Webster catalogs her client’s stories as thoroughly as possible. “My role is to try and learn and honor their story, but I have to ask them very detailed questions about some of their darkest times,” she said. “It is a very challenging thing to do, and I have no doubt that they are re-traumatized even by just discussing this.”
In south Texas, a former asylee from Eritrea named Yohannes finds himself searching for health care providers like Ottenheimer willing to examine women primarily from Ethiopia on a pro bono basis. (Yohannes gained asylum in the United States in 2009, but does not publicly use a last name because he has not yet gained citizenship.) Working with immigrant and refugee center RAICES as a legal assistant, Yohannes says he gains the trust of the women he serves by explaining that gynecological exams could very well save their lives. Because they are detained in remote facilities, he must negotiate not only with health care providers, but with Homeland Security and immigration officers to convince them to transport the women to a medical facility. Both Webster and Yohannes noted that access to detention facilities for medical practitioners is extremely restricted.
“Unfortunately, because they are undocumented and in detention, it’s very hard for us to find a volunteer [doctor or nurse],” Yohannes said by phone. “At this time, I have four women waiting for an exam.” He often pushes immigration officers to transfer his clients to clinics in advance of their hearings, as without forensic evidence documenting FGM, their asylum cases are likely to fail.
Ottenheimer is part of a large network of volunteer medical practitioners, coordinated by Physicians for Human Rights, who work to fill this gap. It’s the job of Jillian Tuck, the organization’s asylum program manager, to identify and connect with health care professionals across the country who want to use their expertise to protect victims and support the prosecution of human rights violations.
With volunteers in 42 of the 50 states, PHR is able to provide pro bono services to the majority of attorneys who contact them. Tuck explained that PHR volunteers are trained to serve clients, FGM survivors or otherwise, with utmost sensitivity. Their approach is grounded in ensuring the practitioner has the informed consent of their patient, and an open and communicative exam process that aims to put the patient at ease and help them understand why intrusive and painful questions are necessary.
“The hope is that if they can get through this process, having status here and not having the threat of being sent back to their country to face further harm is the first step in the healing process,” said Tuck.
To successfully pursue an asylum claim, an attorney must prove that their client suffers from past persecution, or fears future persecution because of their membership in one of five statutory categories: race, religion, nationality, political opinion, or the ambiguous “membership in a particular social group.” Women who survive FGM fall into that last legal category, and it is the job of advocates to highlight the ways in which FGM is part of ongoing persecution.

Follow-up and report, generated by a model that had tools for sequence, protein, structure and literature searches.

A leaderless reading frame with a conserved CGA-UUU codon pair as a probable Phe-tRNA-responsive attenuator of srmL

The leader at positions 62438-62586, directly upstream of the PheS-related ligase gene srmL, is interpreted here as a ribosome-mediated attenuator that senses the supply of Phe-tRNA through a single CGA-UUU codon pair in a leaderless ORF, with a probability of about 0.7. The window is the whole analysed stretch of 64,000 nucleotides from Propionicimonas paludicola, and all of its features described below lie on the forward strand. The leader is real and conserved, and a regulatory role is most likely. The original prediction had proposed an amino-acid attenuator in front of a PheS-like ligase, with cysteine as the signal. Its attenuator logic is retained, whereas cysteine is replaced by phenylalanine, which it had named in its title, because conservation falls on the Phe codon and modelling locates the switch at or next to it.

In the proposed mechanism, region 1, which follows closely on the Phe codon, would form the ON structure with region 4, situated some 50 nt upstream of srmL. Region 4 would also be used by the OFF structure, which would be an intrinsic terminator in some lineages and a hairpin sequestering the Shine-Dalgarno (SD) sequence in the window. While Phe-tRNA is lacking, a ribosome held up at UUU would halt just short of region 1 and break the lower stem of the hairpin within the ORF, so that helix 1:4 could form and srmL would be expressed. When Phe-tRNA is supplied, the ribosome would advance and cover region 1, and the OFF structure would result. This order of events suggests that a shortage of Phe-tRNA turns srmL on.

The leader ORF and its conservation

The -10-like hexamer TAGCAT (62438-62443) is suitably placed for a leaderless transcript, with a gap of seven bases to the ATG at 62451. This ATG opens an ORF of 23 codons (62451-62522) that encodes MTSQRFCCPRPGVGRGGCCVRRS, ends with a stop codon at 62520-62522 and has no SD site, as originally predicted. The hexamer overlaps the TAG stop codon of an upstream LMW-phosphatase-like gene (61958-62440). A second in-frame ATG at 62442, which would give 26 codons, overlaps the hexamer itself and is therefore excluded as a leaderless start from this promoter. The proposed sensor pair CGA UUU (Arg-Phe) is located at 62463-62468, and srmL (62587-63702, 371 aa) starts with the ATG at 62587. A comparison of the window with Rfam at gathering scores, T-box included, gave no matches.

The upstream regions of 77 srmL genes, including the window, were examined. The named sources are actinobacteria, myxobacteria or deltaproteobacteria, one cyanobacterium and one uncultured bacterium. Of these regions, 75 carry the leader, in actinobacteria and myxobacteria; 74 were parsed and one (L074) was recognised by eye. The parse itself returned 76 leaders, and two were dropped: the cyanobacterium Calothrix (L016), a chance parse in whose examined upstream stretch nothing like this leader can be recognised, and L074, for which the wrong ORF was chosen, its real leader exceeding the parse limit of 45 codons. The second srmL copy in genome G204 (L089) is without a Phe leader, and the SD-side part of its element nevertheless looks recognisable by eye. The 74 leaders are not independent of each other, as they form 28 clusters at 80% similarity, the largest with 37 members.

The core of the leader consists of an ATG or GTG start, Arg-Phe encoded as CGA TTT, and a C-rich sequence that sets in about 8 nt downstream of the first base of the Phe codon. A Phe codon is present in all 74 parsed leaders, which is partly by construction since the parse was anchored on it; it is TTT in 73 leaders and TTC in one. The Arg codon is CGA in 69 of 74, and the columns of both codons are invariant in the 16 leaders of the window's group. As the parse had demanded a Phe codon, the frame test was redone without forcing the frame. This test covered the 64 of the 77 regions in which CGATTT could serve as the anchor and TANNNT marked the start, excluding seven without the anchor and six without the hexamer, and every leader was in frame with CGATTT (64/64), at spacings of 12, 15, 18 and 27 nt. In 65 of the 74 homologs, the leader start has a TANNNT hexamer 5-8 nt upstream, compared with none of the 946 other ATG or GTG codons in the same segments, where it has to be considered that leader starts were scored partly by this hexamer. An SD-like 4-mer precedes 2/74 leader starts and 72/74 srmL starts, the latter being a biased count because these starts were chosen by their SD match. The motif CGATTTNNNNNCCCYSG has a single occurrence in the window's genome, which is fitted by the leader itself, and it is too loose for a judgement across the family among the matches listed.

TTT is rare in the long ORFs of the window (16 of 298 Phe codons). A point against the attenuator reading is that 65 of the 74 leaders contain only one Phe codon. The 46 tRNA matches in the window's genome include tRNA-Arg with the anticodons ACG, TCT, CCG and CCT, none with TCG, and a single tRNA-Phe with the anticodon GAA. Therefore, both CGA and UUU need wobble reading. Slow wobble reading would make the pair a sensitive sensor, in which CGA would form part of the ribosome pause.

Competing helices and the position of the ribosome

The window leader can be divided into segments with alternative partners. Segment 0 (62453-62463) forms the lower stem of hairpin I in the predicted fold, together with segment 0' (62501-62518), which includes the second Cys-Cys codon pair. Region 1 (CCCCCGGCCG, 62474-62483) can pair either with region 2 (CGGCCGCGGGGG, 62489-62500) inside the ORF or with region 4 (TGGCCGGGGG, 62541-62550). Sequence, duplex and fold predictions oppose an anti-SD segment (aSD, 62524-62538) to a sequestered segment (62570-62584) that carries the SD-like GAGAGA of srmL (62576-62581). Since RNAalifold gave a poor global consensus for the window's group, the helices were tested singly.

“It’s only one event in a long lifetime of living in a culture that’s not friendly to women,” said Ottenheimer. “That’s one of the things you want to emphasize in the affidavit.”
In 2008, the U.S. Court of Appeals for the Second Circuit made great strides in safeguarding FGM survivors by granting asylum to three Guinean women whose applications had been denied. In Bah v. Mukasey, the court rejected the Board of Immigration Appeals’ reasoning that because the women had already been cut there was no future risk of harm. Since then, Webster says the law is very clear that female genital cutting is considered past persecution, which gives applicants a presumptive eligibility for asylum. But they have to prove it first.
The trauma of gaining asylum
When asked what percentage of applicants is revealed to have fabricated their FGM experience once they make it to the exam room, Tuck thought for a moment. Lying to seek asylum is not unheard of; surely in desperation some of these women exaggerated the extent of their condition. She eventually recalled one case in which a woman had lied about being cut. The clinician who evaluated her ultimately diagnosed her with psychosis. In the context of FGM, such cases are few and far between.
“There is this presumption that every migrant, and every person that interacts with the immigration system that they’re up against, is probably not telling the truth,” Webster said. “The immigration system is structured in a way that it requires types of evidence that are just extraordinarily unnatural for people to produce.”
A refugee woman must lay bare her scars, her stories, or the fear of what will come if she is sent home. Her attorney, if she has one, must then translate and adapt this information to fit into the confines of our immigration system.
“I see clients who arrive here and they’re terrified, and have suffered untold horrors,” said Webster. “Our system makes it worse for them.”
Regardless of the sensitivity displayed by the attorneys, doctors, and psychologists who work to construct such asylum claims, the process itself is unavoidably traumatic. These advocates only have control over their clients’ treatment up to a certain point. Eventually, a woman will find herself before an asylum officer or judge whose primary objective is to determine the strength of her case—not to make sure she isn’t re-traumatized in the process. At this point, she must hope she has exposed enough, in the right way, to please the system. Her very life depends on it.